Drifting through Paris: an artistic urban adventure

by Connor Newson

Paris: a bustling hub of art and intellect, a foundation for Parisian Dadaism and the Situationist International; home to the École Internationale de Théâtre Jacques Lecoq and the Theatre du Soleil; an urban canvas for beautiful and ugly sprays, paints and tags, seemingly random and yet logically intrusive.

Buskers, artists and dancers play on the streets, locals passively observe or collaborate along the Seine banks. Parisian creativity and political theory has given the capital such reputation throughout the years and as a result, Paris has become an internationally recognised city for progressive contemporary European art and theatre. One thing that struck my intrigue with Paris is the strength of subcultural activity within, and even underneath the city. Guy Debord, whilst being part of the Letterist International which went on to form the Situationist International in 1957, put forward his Theory of Dérive in 1956, which is essentially the act of dropping everyday activities to drift (dérive) around the urban environment, to allow yourself to be drawn to whatever encounters and attractions you feel.

A dérive is a way to subvert the preconceived hegemonic functionalities of urban space in order to discover an authentic experience of the city, with all of its raw creative and social happenings.

And so with the anticipation to drift around Paris, it was a relief to have arrived in Bercy after enduring a ten hour coach ride from London, whereby I and other passengers were briefly subject to being interrogated by the wet noses of police dogs. Despite this, I took the opportunity to sleep through the journey as much as possible knowing that it was probably going to be the most comfortable ride for a while before hitchhiking across Europe with my companion, Jean Bourzeix. However, for now we had the convenience of staying at Jean’s grandparents’ luxurious apartment on Boulevard Saint-Michel, with a beautiful view of the Jardins de Luxembourg and the Eiffel Tower from the balcony.

With a bed assured for a week, my thoughts were then of stepping into the streets and observing the many metropolitan voices that manifest through the walls, streets and rooms of the city. We set off towards the Centre Pompidou gallery to see Louis Stettner’s latest exhibition Here and There, which featured a composition of photographs taken in Paris and New York from 1946 to the modern day. His intention was to depict the evolution of both cities and their inhabitants whereby time acts as an indication of value. The portrayal of two different moments in time allows for an examination into the importance that a place, person, or epoch has over time. The content of Stettner’s photographs shows his ability to capture the raw and sensitive nature of urban life in post war Paris and the working class as he drifted through both cities.

Through Stettner’s vision the worker is wonderfully aesthetic, he goes about collapsing the cliché of the worker being seen as a brute. Instead, the faces of his subjects are detailed, emotional and poetic, with a story to be imagined in every monochromatic photograph that brought to life the past of both cities.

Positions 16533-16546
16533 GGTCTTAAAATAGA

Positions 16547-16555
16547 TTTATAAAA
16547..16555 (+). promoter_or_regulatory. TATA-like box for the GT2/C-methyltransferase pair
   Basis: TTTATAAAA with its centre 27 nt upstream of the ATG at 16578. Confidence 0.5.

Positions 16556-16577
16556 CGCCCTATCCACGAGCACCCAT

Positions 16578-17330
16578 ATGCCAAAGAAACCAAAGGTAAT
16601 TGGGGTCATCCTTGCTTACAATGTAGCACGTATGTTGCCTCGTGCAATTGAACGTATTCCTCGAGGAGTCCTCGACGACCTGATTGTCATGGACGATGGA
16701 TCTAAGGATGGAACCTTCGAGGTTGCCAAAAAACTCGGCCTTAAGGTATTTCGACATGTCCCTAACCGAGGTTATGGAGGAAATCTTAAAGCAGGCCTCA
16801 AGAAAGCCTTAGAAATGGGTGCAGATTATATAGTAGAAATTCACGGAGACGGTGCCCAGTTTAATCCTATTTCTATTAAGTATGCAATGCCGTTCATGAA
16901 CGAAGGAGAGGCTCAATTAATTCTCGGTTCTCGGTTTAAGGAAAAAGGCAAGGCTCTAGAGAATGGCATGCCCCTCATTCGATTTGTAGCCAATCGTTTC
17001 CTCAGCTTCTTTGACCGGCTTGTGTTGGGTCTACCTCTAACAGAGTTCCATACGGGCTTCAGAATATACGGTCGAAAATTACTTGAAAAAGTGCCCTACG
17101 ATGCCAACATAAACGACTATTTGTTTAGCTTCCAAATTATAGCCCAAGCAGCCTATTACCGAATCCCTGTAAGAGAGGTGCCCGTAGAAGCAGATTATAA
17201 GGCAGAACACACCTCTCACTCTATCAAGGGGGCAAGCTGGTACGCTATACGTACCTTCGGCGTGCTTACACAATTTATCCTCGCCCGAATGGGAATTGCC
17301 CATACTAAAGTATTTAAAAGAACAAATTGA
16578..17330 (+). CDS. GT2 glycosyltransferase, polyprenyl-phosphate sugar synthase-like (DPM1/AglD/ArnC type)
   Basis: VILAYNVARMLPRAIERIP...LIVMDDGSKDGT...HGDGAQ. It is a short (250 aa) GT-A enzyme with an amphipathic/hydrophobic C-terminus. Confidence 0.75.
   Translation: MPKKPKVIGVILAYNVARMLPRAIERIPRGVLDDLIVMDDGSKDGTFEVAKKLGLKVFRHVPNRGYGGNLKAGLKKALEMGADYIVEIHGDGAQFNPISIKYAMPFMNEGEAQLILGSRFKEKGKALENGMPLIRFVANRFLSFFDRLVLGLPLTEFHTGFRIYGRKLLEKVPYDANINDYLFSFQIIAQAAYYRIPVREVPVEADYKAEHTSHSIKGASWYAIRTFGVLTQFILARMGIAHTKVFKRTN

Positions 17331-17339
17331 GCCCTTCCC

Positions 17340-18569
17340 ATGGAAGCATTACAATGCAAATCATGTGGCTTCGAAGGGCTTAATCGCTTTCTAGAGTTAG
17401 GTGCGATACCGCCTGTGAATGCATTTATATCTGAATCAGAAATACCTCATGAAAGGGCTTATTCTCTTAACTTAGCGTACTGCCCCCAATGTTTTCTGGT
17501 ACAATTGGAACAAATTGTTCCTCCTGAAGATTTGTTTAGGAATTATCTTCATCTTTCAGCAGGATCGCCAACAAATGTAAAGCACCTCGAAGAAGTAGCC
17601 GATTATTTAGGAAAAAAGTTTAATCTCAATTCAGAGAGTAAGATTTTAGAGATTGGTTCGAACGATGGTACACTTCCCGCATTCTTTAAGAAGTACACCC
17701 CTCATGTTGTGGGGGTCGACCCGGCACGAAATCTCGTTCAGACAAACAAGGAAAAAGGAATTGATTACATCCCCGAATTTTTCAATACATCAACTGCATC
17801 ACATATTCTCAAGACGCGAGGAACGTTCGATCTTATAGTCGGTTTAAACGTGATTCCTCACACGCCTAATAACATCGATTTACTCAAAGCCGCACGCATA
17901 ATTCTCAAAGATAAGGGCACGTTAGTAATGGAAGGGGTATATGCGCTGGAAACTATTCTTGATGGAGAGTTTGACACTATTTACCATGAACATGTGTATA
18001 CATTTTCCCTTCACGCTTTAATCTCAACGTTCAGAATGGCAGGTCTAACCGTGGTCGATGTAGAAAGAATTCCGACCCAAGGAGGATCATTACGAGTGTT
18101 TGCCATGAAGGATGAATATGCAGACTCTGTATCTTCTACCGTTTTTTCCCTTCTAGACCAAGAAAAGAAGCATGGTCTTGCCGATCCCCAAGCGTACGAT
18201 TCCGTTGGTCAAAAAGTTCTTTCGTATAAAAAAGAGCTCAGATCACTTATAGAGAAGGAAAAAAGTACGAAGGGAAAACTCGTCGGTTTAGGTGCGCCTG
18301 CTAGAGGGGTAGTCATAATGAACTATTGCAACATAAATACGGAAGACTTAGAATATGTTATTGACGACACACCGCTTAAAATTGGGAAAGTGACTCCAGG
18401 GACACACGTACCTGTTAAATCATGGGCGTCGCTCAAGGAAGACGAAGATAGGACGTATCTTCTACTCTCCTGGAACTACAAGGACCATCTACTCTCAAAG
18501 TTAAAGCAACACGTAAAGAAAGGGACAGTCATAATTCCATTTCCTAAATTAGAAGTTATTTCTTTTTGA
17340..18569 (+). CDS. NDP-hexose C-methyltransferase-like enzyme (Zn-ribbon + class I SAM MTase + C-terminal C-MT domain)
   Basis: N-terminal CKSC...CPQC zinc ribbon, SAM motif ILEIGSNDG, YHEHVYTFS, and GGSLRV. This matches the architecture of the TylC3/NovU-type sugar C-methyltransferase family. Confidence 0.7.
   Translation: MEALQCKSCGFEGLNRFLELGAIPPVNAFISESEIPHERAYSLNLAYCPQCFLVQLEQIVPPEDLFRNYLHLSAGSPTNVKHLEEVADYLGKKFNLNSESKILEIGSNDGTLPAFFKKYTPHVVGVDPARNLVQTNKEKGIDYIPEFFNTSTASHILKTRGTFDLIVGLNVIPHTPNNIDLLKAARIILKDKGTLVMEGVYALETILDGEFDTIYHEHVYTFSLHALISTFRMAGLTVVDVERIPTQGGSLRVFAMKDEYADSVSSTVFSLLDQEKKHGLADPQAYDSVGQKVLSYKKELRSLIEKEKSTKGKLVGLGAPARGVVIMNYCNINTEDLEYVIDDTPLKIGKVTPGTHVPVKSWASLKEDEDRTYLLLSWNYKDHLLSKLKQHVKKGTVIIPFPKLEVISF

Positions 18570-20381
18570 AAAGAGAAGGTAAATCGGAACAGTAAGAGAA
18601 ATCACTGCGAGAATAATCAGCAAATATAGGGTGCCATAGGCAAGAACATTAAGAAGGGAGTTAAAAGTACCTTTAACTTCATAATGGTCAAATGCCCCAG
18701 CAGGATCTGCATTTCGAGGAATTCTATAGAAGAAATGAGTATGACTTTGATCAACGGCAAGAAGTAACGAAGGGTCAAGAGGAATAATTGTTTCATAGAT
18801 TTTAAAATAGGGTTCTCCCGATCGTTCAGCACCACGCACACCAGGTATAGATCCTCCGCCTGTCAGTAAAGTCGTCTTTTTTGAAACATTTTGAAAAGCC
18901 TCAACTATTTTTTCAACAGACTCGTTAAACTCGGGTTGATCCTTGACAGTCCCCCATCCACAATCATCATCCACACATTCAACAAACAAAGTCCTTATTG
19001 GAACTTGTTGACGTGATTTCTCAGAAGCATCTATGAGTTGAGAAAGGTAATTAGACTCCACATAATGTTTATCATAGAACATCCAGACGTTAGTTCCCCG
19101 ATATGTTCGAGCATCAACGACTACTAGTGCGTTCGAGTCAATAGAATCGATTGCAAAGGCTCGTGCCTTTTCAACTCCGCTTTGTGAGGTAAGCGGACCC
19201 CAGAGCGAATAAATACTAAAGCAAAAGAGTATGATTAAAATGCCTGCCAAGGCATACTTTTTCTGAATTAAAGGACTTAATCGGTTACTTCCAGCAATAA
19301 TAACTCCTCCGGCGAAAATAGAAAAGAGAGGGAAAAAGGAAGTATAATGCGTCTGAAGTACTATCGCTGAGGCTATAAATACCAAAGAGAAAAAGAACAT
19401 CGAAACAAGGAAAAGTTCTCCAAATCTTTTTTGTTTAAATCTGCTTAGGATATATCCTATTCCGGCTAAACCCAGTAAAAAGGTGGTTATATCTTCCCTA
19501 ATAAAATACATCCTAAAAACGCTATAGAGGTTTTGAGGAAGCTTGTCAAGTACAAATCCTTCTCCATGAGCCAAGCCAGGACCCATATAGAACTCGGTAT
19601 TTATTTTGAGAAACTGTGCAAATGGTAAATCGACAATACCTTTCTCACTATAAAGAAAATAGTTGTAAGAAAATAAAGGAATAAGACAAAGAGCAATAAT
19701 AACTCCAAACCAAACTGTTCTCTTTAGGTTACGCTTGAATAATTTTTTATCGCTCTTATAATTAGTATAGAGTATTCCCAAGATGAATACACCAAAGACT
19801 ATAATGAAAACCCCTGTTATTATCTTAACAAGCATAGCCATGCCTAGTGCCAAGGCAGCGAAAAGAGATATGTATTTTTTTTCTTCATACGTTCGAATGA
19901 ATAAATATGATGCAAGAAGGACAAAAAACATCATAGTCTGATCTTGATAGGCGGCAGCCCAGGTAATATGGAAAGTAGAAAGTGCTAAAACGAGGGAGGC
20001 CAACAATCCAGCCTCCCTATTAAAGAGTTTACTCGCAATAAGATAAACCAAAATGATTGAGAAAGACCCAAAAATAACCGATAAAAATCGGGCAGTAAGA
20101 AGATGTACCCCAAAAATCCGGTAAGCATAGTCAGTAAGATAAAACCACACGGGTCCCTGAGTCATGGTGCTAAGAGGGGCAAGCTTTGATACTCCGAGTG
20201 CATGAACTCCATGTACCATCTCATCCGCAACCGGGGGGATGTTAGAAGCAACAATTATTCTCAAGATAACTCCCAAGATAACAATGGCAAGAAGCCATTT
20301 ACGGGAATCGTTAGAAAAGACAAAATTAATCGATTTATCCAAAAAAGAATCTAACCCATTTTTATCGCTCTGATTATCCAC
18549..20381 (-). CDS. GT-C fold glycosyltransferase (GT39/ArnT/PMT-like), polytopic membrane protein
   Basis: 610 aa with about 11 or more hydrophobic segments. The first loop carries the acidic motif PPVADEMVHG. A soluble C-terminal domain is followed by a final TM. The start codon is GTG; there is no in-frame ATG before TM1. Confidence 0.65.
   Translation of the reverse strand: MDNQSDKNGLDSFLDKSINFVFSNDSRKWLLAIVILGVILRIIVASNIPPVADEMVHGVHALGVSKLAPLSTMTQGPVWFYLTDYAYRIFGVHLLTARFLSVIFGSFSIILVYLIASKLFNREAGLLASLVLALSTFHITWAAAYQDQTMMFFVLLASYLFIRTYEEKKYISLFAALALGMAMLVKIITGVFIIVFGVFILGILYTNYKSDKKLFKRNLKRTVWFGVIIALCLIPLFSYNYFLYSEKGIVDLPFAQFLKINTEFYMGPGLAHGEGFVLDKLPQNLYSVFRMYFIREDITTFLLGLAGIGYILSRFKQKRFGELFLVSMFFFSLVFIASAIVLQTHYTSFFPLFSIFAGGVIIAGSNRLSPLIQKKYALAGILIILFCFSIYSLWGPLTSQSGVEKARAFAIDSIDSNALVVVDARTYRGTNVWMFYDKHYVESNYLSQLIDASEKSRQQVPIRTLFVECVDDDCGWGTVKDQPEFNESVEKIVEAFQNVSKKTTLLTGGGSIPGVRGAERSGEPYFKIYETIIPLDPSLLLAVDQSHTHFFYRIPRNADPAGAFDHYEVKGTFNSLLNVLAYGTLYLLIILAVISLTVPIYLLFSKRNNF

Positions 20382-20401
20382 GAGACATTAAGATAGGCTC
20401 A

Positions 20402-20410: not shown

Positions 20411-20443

The next day we decided to check out an abstract photoart and sculpture installation by John Beech at the Galerie Filles de Calvaire. As we entered the silence of a small two-story white studio, we were greeted by staff who gave us some information on Beech’s agenda. Beech’s photography is of the urban space: bins, dumpsters, and similar objects, and so his action of exploring the urban can be seen to be in a similar style of a dérive. This temporality of the artist’s initial photograph is combined with a second temporality of adding a layer of paint on the surface. In essence, Beech aims to obscure the vision of the spectator by layering the surface of a canvas photograph with paint in order to not only draw attention to detail of the overlooked urban object, but to also redefine the piece as something unique. It was an interesting installation that seemed pompous and pretentious on the surface (not helped by pricing a photocanvas with paint at 19,000€), however my opinion changed as we spent the time trying to understand the artist’s intention.

In the end it was a worthwhile installation to bear witness too, however I was eager for more spontaneity. And so we set out drifting through the city, following no specific route, aiming for no specific destination. We came across beautiful and sometimes quirky Parisian architecture, had mint tea inside the Great Mosque of Paris, encountered street art on every corner, and wandered into random buildings.

Our dérive in Paris culminated in a spontaneous quest to discover a rooftop sunset only heard of in fairytales. It was at the sixth floor of an apartment building on Saint-Michel when we looked out of a window at the long drop that promised death if any attempt was made to scale the building. And so, with our hopes of reaching higher altitude gently shattered, we turned and headed for the stairwell. To which point I noticed Jean’s gaze directed upwards; an attic door hovered above. A strategically placed ladder hung on the adjacent wall. We assembled the ladder and climbed, kicking our shoes from our feet as we opened the two doors, revealing a heavy steel and glass window. Without hesitation Jean carried on through and I followed, squeezing through the small gap and unveiling a concoction of bright burning colours, as the sun set behind the Eiffel Tower. A picturesque end, to an artistic urban adventure.

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